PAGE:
By Christie Pool
I can’t take it anymore.
There was a day not so long ago when fat made you fat and eating carbs would prevent you from losing weight. Now, fatty avocados are great for us, containing a “good” fat that we need, and a no-carb diet prevents you from losing weight.
What? That’s not what we were told last year - or even last week.
Nutrition is a maze. One day we hear coffee is bad for us then we hear it’s loaded with essential antioxidants and beneficial nutrients. And eggs? They used to have too much cholesterol and caused heart disease. Now we’re told a whole egg is a nutritional powerhouse filled with all kinds of things we need to be healthy, and that all that nutrition comes in an inexpensive 77 calories. Why wouldn’t we eat them every day?
Nutrition is confusing and, to be completely honest, exhausting. We all want to do the best for our bodies but the information filtering down to us - whether it be from WebMd or Khloe Kardashian - is ever changing. Khloe’s sister Kim leaves out all sugar and carbs but eats meat and dairy, while Khloe won’t touch dairy or red meat. I’m pretty sure I don’t want to live in a world without cheese, so I’ll have to ax Khloe’s philosophy from my list of potential diets.
Nutrition science and the food industry have been changing their minds about what Americans should eat for years. Low fat, no fat, low carb, high protein - and the likes of Dr. Oz doesn’t help. While he seemingly has good intentions, Dr. Oz. - just like a 24-hour news show - has a lot of time to fill on his television show. While his audience looks to him for advice on everything from supplements to diet trends, the content he presents is often contradictory. One day he may tell us we’ll lose weight and be healthy if we take certain supplements (think green tea and caffeine supplements) then the next day tout the necessity of even more supplements like Forskolin, raspberry ketones and Yakon syrup, which he says is a “metabolism game-changer.”
Really? By the end of a week filled with his shows, we'd all be throwing down a handful of supplements each day expecting a miracle in a bottle.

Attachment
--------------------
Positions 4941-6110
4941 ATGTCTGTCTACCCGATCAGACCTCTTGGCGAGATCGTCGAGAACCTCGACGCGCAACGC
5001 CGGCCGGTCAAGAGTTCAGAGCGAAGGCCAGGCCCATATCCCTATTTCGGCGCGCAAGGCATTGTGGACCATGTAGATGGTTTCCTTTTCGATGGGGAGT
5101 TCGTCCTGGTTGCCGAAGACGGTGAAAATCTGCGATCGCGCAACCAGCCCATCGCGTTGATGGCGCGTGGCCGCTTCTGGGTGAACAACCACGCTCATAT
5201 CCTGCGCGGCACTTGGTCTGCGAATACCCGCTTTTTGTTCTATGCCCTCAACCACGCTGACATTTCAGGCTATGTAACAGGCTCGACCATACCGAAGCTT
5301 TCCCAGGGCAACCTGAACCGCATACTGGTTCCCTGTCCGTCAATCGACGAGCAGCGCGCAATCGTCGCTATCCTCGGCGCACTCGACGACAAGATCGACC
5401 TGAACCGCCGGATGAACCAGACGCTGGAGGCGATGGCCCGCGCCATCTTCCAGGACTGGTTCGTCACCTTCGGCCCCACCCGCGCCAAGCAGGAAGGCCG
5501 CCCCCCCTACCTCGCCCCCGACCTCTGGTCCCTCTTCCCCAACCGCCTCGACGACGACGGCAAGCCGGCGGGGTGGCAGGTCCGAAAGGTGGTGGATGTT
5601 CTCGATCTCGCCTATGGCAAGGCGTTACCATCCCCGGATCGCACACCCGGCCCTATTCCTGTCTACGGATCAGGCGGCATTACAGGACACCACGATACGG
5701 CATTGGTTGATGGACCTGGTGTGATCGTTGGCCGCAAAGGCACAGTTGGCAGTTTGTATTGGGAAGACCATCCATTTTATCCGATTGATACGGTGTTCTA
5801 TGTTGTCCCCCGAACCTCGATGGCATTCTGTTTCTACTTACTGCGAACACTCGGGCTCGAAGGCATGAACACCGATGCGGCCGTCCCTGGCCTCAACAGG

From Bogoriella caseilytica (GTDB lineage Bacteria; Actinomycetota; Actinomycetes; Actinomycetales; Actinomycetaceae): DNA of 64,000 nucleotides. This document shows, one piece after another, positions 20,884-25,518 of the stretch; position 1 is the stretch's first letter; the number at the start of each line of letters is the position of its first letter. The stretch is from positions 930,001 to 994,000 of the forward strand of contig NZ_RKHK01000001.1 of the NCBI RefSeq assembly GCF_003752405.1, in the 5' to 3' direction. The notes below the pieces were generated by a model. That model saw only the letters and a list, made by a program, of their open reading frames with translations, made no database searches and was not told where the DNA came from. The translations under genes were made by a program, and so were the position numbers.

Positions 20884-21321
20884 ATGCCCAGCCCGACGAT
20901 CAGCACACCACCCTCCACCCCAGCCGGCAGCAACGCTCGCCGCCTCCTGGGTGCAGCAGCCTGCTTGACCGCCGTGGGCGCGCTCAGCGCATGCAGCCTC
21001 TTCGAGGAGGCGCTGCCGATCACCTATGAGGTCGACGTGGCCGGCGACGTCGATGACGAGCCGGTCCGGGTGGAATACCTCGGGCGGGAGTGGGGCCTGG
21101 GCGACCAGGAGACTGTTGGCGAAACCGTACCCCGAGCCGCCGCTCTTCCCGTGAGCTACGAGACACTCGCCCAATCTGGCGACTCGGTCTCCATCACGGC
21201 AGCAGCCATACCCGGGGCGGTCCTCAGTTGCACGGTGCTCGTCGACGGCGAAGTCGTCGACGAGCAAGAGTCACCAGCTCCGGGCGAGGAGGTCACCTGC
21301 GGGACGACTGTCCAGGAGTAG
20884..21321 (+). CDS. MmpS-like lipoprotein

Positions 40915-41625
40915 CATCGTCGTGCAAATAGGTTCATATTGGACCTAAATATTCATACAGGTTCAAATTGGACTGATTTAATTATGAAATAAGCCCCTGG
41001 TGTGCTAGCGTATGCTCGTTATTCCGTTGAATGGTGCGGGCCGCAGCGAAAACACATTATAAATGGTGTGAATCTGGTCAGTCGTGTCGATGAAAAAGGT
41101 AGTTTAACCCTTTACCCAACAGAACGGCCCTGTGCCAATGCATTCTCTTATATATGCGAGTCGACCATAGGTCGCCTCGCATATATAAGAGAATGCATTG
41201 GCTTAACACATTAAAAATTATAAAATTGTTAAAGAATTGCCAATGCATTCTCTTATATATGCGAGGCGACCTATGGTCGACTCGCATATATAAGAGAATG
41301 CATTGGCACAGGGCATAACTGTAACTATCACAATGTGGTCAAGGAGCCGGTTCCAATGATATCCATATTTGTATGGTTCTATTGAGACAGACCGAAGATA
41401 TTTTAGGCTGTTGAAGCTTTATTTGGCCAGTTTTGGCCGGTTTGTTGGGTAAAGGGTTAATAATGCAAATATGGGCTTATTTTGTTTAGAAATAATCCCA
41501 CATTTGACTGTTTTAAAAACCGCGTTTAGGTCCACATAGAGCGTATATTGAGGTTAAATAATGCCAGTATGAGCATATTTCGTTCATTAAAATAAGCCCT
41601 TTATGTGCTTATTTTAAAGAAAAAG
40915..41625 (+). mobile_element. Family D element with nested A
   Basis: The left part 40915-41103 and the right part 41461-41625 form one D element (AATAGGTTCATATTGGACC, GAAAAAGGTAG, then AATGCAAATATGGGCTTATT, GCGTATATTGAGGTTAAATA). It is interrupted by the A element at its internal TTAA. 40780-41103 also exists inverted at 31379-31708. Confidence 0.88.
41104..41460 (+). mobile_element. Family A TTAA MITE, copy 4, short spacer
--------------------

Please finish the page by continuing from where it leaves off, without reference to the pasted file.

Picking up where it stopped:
Personally, I think it would just be easier - and more fun - to eat a bowl of Cap’n Crunch every night. I mean, the box says it’s filled with nutrients.
Every day someone comes out with something new - we can lose weight by eating rice cakes or we can be healthier eating an all kale diet. We get our information from media outlets who need a fun and exciting new story every day - or, ahem, weekly - to grab attention. Let’s face it, “Eat your fruits and veggies” isn’t as exciting as, “Blueberries new superfood.” The word ‘superfood’ is a good one for the age we are living in - a potential quick fix always gets our attention. We hear ‘superfood’ and think, “If I can eat that one thing every day I’ll live forever.” But guess what? That won’t happen, just like a high protein, low carb, low fat diet won’t make us happy or immune to Alzheimer’s and a few supplements won’t magically burn away fat.
Personally, I think I’ll just go back to author Michael Pollan’s advice from a decade ago: “Eat food. Not too much. Mostly plants.”
Basically his premise is: Eat the stuff you find on the outside of your grocery aisles, eat nothing whose ingredient list is longer than Pinocchio’s nose after a day of fibbing, and certainly don’t ever eat anything your grandmother wouldn’t recognize as food.
And maybe a small bowl of ice cream every now and then. Vanilla, of course.